[Haskell-cafe] Compiler's bane

Andrew Coppin andrewcoppin at btinternet.com
Sun Aug 31 03:46:32 EDT 2008

Jonathan Cast wrote:
> On Fri, 2008-08-29 at 20:56 +0100, Andrew Coppin wrote:
>> I've been playing with this today, and no matter what rules I come up 
>> with, it seems to be ridiculously easy to put the interpretter into an 
>> infinite loop from which it will never escape. Is there any way to know 
>> which binds are "worth" expanding and which ones aren't? (I have a 
>> sinking feeling this might be equivilent to the Halting Problem...)
>> For example, if you have "let x = f y; y = g x in x" then since all the 
>> functions are free variables, there's really nothing much "useful" you 
>> can do to simplify this any further. However, my interpretter merrily 
>> goes into an endless loop building a huge expression like "f (g (f (g (f 
>> (g..." Is it possible to avoid this?
> If you want to avoid infinite normal forms (or just plain lack of normal
> forms, as in let x = x in x or (\x -> x x) (\ x -> x x)), you need to
> follow three rules:
> 1) Static typing
> 2) No value recursion
> 3) If you allow data types, no recursive data types
> Otherwise, your language will be Turing-complete, so yes, trying to
> determine ahead of time if even a HNF exists will be the halting
> problem.
> If you really want to write a general-purpose evaluator, then infinite
> normal forms may not be an issue, as long as they are generated lazily,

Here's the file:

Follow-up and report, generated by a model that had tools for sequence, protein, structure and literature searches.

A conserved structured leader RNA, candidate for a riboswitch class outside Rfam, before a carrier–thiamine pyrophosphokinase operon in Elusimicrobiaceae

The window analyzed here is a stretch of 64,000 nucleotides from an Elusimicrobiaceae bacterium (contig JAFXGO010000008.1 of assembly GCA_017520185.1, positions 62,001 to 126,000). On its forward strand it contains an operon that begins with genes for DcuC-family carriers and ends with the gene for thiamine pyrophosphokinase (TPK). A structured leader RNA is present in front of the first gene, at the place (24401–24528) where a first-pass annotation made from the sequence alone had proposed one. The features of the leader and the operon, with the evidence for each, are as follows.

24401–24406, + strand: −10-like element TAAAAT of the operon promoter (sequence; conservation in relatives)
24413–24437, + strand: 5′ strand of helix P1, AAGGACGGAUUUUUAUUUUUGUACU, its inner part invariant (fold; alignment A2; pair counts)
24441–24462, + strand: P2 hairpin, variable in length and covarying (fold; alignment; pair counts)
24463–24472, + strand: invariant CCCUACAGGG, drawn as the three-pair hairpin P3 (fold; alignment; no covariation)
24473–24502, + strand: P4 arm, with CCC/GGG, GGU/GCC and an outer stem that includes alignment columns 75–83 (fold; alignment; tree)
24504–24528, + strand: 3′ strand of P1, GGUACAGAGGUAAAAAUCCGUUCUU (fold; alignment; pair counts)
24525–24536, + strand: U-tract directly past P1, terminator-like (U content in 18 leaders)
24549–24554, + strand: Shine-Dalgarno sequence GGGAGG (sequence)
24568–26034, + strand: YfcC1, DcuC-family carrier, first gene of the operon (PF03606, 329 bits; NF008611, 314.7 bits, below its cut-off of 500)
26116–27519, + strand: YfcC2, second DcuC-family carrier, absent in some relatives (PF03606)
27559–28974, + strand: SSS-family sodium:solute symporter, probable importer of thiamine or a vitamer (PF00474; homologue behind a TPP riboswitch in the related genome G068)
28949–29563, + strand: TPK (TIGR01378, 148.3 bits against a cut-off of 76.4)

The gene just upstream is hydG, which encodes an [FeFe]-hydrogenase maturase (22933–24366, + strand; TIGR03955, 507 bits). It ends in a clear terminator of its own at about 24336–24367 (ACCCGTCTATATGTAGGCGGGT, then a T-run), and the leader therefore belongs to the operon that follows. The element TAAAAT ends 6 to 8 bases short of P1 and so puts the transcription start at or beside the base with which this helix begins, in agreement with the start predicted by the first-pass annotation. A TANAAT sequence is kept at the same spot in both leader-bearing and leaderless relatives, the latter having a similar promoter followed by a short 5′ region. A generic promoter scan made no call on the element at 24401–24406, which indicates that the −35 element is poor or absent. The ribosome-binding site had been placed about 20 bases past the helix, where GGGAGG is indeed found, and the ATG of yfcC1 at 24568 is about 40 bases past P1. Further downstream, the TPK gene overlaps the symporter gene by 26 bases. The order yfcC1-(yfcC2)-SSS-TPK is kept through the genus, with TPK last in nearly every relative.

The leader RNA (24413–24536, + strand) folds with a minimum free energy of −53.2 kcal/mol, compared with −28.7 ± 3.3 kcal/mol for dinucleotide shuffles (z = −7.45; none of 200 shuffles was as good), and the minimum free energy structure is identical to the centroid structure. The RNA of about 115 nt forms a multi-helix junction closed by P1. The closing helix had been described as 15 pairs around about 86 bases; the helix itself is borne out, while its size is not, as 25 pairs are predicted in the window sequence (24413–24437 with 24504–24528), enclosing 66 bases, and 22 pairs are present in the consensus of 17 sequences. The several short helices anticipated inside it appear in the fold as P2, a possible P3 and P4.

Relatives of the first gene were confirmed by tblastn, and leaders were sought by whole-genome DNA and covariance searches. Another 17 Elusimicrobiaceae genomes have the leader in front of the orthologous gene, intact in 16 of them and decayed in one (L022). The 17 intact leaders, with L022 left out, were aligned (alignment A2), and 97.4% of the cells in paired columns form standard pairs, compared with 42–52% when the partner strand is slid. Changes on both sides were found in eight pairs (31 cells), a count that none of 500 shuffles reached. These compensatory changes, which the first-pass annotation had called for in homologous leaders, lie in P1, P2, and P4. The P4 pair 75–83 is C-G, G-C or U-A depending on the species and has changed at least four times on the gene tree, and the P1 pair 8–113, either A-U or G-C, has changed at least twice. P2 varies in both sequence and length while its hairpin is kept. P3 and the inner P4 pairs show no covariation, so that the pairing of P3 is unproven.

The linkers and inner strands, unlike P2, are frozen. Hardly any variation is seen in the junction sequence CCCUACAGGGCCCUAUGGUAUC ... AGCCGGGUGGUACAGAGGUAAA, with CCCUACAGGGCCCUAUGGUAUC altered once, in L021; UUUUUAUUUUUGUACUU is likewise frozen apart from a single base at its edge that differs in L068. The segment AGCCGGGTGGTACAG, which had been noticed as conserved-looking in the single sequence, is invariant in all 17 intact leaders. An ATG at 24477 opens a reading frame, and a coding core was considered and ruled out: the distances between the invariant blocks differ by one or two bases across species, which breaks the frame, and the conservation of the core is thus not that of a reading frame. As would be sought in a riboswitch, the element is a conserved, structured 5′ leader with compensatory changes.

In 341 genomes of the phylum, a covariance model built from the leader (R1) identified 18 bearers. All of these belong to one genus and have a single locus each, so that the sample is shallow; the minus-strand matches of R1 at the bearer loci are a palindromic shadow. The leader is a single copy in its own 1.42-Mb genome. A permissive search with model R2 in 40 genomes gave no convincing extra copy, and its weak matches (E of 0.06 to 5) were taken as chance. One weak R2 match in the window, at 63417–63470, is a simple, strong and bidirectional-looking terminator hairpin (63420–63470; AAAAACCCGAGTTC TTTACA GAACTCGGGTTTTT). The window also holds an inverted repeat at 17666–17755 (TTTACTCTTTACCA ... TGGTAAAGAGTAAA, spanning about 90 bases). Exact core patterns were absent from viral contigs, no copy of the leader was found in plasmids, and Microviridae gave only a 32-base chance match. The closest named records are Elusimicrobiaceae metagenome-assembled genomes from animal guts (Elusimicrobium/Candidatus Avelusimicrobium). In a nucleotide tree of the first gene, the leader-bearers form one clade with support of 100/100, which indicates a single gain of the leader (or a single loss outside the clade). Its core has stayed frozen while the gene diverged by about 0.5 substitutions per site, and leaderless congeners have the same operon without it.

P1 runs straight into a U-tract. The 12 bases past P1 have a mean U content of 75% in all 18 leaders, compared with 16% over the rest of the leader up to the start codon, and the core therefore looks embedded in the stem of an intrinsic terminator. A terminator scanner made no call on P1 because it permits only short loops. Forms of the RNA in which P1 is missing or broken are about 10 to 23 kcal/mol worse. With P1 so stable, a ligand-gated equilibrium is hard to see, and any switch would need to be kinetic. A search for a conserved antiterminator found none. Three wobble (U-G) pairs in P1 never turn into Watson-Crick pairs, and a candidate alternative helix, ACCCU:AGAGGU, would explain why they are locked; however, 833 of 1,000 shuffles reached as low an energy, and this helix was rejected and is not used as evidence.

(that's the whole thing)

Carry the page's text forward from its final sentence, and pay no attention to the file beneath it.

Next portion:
> so your evaluator can at least print something out while it goes into an
> infinite loop.  Otherwise, you can declare f x, where f is an unknown
> function, a HNF, and stop at that point, or go on only under the
> client's control.
> The optimizers used by GHC and YHC pick one function out of each
> recursive binding group, and just refuse to inline it at all.  If you
> don't mind producing expressions that aren't really in any definable
> HNF, that would be an alternative as well.

Right. So if I have, say, the factorial function defined using the Y 
combinator, there's no way to stop the interpretter expanding an 
infinite number of copies of Y, even though in theory the factorial 
function should terminate?

Oh well, I guess I'll just have to live with that one. Maybe I can make 
the binding to expand user-selectable or something...

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